The United Nations peacekeeping and crime fighting divisions today launched a joint action plan to further strengthen their cooperation in the battle against drugs and crime, particularly in West Africa, which has become a hub in the illegal narcotics network from South America to Europe.
The UN Office on Drugs and Crime (UNODC) and the Department of Peacekeeping Operations (DPKO) have mandates and comparative advantages that complement each other, UNODC Executive Director Yury Fedotov told a news conference at which he signed the cooperation agreement with the head of DPKO, Under-Secretary-General Alain Le Roy.
“This complementarity enhances the impact of both of our departments and the efforts to strengthen peace and stability and support the United Nations security and development agenda,” Mr. Fedotov said, giving West Africa as an example.
“Organized crime has turned this region into a hub for the traffic in illegal drugs, weapons and contraband goods. Criminals are exploiting West Africa’s strategic location, porous borders, weak governments and institutions, widespread poverty, corruption.”
It is estimated that at least 50 tons of cocaine transit West Africa annually, heading north to European cities, where they are worth almost $2 billion on the streets.
In Guinea-Bissau, joint action by the two divisions supports a national counter-narcotic plan and security sector reform, Mr. Fedotov said, noting that UNODC has also provided $4 million for the West Africa Coast Initiative, in which it has teamed up with DPKO, the UN Department of Political Affairs (DPA), the UN Office for West Africa (UNOWA), the Economic Community of West African States (ECOWAS) and Interpol to fight ship-borne drug smuggling.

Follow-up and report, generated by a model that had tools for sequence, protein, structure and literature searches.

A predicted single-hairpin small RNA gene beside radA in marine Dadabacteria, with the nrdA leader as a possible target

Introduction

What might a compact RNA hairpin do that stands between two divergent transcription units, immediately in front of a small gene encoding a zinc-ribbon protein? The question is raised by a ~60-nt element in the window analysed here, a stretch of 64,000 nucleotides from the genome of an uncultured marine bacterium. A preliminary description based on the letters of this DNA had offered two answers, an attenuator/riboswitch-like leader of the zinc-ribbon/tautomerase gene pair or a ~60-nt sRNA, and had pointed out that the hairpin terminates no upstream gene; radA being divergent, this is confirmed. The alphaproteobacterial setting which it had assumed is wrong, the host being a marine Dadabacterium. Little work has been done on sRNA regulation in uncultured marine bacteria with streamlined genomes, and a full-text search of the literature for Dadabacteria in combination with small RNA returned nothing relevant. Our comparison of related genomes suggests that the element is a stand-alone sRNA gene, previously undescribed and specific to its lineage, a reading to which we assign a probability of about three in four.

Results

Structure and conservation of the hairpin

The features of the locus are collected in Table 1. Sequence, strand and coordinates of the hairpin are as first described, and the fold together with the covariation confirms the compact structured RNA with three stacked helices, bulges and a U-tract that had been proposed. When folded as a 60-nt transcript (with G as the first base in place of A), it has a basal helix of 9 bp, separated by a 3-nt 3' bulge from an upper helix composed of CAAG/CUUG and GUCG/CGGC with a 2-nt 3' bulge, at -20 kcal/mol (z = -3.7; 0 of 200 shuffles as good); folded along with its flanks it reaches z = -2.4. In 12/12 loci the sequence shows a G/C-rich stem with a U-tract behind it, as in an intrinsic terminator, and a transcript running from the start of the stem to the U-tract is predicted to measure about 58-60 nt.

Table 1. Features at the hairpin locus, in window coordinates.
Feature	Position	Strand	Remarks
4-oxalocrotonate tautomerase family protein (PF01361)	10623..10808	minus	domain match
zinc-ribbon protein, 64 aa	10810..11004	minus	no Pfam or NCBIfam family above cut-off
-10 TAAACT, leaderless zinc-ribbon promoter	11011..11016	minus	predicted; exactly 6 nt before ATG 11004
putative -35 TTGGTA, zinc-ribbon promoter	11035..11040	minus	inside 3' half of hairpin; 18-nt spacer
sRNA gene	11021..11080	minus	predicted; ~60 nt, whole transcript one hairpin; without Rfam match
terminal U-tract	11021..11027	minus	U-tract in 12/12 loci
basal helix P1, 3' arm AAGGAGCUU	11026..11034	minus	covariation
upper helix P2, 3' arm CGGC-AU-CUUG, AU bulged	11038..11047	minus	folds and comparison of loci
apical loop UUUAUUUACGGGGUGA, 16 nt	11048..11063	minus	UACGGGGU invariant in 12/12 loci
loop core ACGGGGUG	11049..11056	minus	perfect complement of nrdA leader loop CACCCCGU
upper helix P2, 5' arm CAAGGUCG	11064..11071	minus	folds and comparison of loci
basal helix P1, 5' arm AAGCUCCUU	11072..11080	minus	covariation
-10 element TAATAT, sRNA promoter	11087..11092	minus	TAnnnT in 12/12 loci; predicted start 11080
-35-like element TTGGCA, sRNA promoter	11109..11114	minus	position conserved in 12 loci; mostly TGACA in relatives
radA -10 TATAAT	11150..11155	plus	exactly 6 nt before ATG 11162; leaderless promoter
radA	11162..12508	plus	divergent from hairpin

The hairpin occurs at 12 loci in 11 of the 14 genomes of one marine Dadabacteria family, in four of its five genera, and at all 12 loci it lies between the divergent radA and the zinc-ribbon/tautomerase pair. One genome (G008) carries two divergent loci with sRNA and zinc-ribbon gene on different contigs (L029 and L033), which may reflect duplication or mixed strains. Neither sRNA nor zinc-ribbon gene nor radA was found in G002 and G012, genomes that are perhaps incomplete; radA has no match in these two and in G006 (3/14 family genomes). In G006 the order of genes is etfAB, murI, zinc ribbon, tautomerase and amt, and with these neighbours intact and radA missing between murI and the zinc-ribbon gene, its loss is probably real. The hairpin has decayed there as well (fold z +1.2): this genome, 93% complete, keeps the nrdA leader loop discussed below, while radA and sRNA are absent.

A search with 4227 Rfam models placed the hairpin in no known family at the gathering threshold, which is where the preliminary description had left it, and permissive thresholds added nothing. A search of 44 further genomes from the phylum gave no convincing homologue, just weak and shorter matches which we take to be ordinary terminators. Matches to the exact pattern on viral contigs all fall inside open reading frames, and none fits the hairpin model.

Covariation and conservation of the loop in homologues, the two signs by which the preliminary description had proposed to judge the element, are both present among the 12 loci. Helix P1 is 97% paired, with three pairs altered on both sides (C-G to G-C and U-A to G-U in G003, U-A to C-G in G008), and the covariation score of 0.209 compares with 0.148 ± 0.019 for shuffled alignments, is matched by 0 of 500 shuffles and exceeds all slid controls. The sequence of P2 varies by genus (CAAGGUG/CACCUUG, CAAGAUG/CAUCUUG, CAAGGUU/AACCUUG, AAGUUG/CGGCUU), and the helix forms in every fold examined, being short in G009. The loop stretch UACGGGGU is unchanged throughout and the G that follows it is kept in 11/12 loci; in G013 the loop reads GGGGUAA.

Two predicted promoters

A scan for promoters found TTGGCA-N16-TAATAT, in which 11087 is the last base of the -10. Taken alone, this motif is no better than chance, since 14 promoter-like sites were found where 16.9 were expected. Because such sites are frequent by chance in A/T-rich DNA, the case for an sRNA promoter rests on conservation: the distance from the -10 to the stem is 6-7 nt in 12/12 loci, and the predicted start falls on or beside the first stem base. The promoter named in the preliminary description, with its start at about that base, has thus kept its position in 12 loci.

Traffickers are also using planes to replace camel caravans in their circuitous routes across West Africa. In 2009, investigators found the debris of a Boeing 727 jet in the Gao region of Mali, an area plagued by insurgency and terrorism.
UNODC officials say drug trails crisscross West and East Africa, with cocaine pouring into the west, and 30 to 35 tons of Afghan heroin trafficked annually into the east, and the Sahara becoming “a free economic zone” for all sorts of trafficking, whether drugs, migrants, guns, natural resources or hazardous waste, mainly due to the chaotic situation in Somalia.
The two illicit streams meet in the Sahara, creating new trafficking routes across Chad, Niger and Mali, with cocaine and heroin becoming a new sort of currency, being traded at par.
The discovery of seven laboratories in Guinea a year ago shows that West Africa is also becoming a producer of the synthetic drug amphetamine and of crystal cocaine refined from the base paste.
“Our combined efforts to build peace and security in post-conflict regions will benefit women and men, families and children who now live in fear of becoming victims of drug traffickers or other criminals,” Mr. Fedotov said. “Together we can help build and restore communities that are safe, healthy and just and that would be the best reward for us.”
Mr. Le Roy, too, stressed the “many ways we can strengthen our capacity in the rule of law” to fight drugs and crime while keeping and building peace in conflict-stricken regions.